Banksy's 2000 Avon And Somerset Constabulary prints mock his tense relationship with police. It has two variations –ten with a pink background and two special editions in blue hues. The artwork is likely a reference to the police's fruitless pursuit of graffiti artists like Banksy.
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Created in 2000-1, Avon And Somerset Constabulary is one of Banksy’s earliest editions. The spray-painted stencil on canvas depicts two English police officers staring through binoculars in different directions. They are on the alert for trouble, but look aimless and incompetent.
The artwork exists in two variations. Avon And Somerset Constabulary (pink) features a pink background and was created as an edition of 10. Meanwhile, Avon And Somerset Constabulary (blue) was created as an edition of 2 in two different colourways, featuring a light blue or dark blue background.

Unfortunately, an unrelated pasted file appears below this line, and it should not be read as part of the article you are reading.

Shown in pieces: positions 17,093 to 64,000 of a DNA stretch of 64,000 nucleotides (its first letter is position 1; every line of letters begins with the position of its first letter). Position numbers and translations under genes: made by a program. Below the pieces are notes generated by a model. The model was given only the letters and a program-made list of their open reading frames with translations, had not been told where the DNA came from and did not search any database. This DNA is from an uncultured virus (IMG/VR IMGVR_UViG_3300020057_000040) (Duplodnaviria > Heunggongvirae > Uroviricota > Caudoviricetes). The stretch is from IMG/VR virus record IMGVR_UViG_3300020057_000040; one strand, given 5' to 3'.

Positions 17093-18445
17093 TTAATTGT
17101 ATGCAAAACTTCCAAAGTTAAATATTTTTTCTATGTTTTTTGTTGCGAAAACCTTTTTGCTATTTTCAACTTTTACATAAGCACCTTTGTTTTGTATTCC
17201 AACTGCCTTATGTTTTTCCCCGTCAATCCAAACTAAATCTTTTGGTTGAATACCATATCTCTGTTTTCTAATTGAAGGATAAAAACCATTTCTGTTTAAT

Avon And Somerset Constabulary references Banksy’s youth and hometown of Bristol, which is served by the Avon and Somerset police force. The police had a direct impact on Banksy’s use of the stencil: when the anonymous street artist was 18 years old, he hid from the British transport police under a dumper truck. “As I lay there listening to the cops on the tracks,” he recalled in his book Wall And Piece, “I was staring straight up at the stencilled plate on the bottom of a fuel tank”. He had an epiphany that he could use the same method in his graffiti work.
In 2008, eight years after Banksy created Avon And Somerset Constabulary, Bristol became the first city in the UK to launch an anti-graffiti police team.